Contact: Amy Pelsinsky
apelsinsky@umces.edu
410-330-1389
University of Maryland Center for Environmental Science

Public Release: 3-Nov-2013
Nature
Life, but not as we know it
A rudimentary form of life that is found in some of the harshest environments on earth is able to sidestep normal replication processes and reproduce by the back door, researchers at The University of Nottingham have found.
Biotechnology and Biological Sciences Research Council

Contact: Emma Thorne
emma.thorne@nottingham.ac.uk
44-011-595-15793
University of Nottingham

Public Release: 1-Nov-2013
2 satellites see new Eastern Pacific tropical depression form
The eighteenth tropical depression of the Eastern Pacific Ocean hurricane season formed early on the first day of Nov. and is expected to become a tropical storm.
NASA

Contact: Rob Gutro
robert.j.gutro@nasa.gov
NASA/Goddard Space Flight Center

Public Release: 1-Nov-2013
NASA satellite catches a wide-eyed Typhoon Krosa
Typhoon Krosa became wide-eyed in imagery from NASA's Aqua satellite as the storm moved past the Philippines and into the South China Sea.
NASA

Contact: Rob Gutro
robert.j.gutro@nasa.gov
NASA/Goddard Space Flight Center

Public Release: 1-Nov-2013
Going deep to study long-term climate evolution
A Rice University-based team of geoscientists is going to great lengths -- from Earth's core to its atmosphere -- to investigate a mystery about Earth's long-term climate. The team has a new federal grant to study the role that deep-Earth processes play in climate evolution over million-year timescales.
National Science Foundation

Contact: Jade Boyd
jadeboyd@rice.edu
713-348-6778
Rice University

Public Release: 31-Oct-2013
New methods improve quagga and zebra mussel identification
The earliest possible detection of quagga and zebra mussels has long been a goal of biologists seeking to discover their presence in water bodies. The Bureau of Reclamation's Detection Laboratory has released two reports identifying a new sampling method to improve the accuracy of quagga and zebra mussel detection while still at the microscopic larval stage.

Contact: Peter Soeth
psoeth@usbr.gov
303-445-3615
Bureau of Reclamation

Public Release: 31-Oct-2013
NASA sees Halloween Typhoon Krosa lashing Luzon, Philippines
There's nothing more scary for Halloween than a typhoon, and the residents in Luzon, in the northern Philippines are being lashed by Typhoon Krosa today, Oct. 31.
NASA

Contact: Rob Gutro
robert.j.gutro@nasa.gov
NASA/Goddard Space Flight Center

Public Release: 31-Oct-2013
PLOS ONE
The secret's in the (robotic) stroke
Recent studies from two research teams at the Polytechnic Institute of New York University demonstrate how underwater robots can be used to understand and influence the complex swimming behaviors of schooling fish. The teams, led by Associate Professor Maurizio Porfiri, published two separate papers in the journal PLOS ONE. These studies are the latest in a significant body of research by Porfiri and collaborators utilizing robots, specifically robotic fish, to impact collective animal behavior.
National Science Foundation, Mitsui USA Foundation

Contact: Kathleen Hamilton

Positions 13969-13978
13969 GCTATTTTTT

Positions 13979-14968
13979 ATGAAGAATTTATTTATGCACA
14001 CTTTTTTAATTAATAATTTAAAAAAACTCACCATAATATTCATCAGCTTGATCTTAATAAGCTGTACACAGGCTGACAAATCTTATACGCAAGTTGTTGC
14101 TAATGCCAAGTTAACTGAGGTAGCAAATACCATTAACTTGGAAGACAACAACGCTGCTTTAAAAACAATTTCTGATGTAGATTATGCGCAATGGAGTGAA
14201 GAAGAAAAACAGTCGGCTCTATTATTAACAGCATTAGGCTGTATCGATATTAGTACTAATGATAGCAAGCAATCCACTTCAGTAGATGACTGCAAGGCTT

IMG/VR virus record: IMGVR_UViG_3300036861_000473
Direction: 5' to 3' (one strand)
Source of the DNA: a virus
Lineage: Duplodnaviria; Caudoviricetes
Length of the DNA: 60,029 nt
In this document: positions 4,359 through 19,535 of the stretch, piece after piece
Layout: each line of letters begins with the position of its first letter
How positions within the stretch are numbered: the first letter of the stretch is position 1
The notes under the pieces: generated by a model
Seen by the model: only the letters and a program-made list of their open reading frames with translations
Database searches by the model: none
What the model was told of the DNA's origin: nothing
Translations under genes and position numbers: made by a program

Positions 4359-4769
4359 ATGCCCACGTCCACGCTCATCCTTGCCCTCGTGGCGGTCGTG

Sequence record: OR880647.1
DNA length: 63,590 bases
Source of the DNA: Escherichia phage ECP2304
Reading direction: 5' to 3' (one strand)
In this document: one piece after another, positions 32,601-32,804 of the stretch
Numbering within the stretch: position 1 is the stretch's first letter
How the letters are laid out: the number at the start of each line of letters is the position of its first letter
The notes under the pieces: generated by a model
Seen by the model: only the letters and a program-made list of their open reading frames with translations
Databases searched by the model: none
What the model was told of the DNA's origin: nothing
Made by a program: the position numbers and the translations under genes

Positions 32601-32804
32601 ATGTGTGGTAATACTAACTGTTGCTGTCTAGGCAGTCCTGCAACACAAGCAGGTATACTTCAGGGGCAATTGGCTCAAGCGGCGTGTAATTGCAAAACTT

hamilton@poly.edu
718-260-3792
New York University Polytechnic School of Engineering

Public Release: 31-Oct-2013
Methods in Ecology and Evolution
Tagging aquatic animals can disrupt natural behavior
American and Canadian researchers have for the first time quantified the energy cost to aquatic animals when they carry satellite tags, video cameras and other research instruments.

Contact: T. Todd Jones
todd.jones@noaa.gov
808-366-9824
University of British Columbia

Public Release: 31-Oct-2013
Science
Is global heating hiding out in the oceans?
In a reconstruction of Pacific Ocean temperatures in the last 10,000 years, researchers have found that its middle depths have warmed 15 times faster in the last 60 years than they did during apparent natural warming cycles in the previous 10,000.

Contact: Kim Martineau
kmartine@ldeo.columbia.edu
646-717-0134
The Earth Institute at Columbia University

Public Release: 31-Oct-2013
Science
Global warming as viewed from the deep ocean
Yair Rosenthal of Rutgers, Braddock Linsley of Columbia University's Lamont-Doherty Earth Observatory, and Delia W. Oppo of the Woods Hole Oceanographic Institution, used the shells of tiny single-celled, bottom-dwelling foraminifera found in sediment cores to reconstruct the Pacific Ocean's heat content over the last 10,000 years. Their paper has been published in Science.
National Science Foundation

Contact: Ken Branson
kbranson@ucm.rutgers.edu
732-932-7084 x633
Rutgers University

Public Release: 30-Oct-2013
American Naturalist
Animal personalities are more like humans than first thought, according to Deakin University study
A Deakin University study has found for the first time that, just like humans, unpredictability is also a consistent behavioral trait in the animal world.

Contact: Mandi O'Garretty
mandi.ogarretty@deakin.edu.au
61-352-272-776
Deakin University

Public Release: 30-Oct-2013
NASA sees Tropical Storm Krosa approach the Philippines
NASA's Terra and Aqua satellites captured visible and infrared data on intensifying Tropical Storm Krosa as it heads for a landfall in the northern Philippines.
NASA

Contact: Rob Gutro
robert.j.gutro@nasa.gov
NASA/Goddard Space Flight Center

Showing releases 1001-1025 out of 1312.

<< < 36 | 37 | 38 | 39 | 40 | 41 | 42 | 43 | 44 | 45 > >>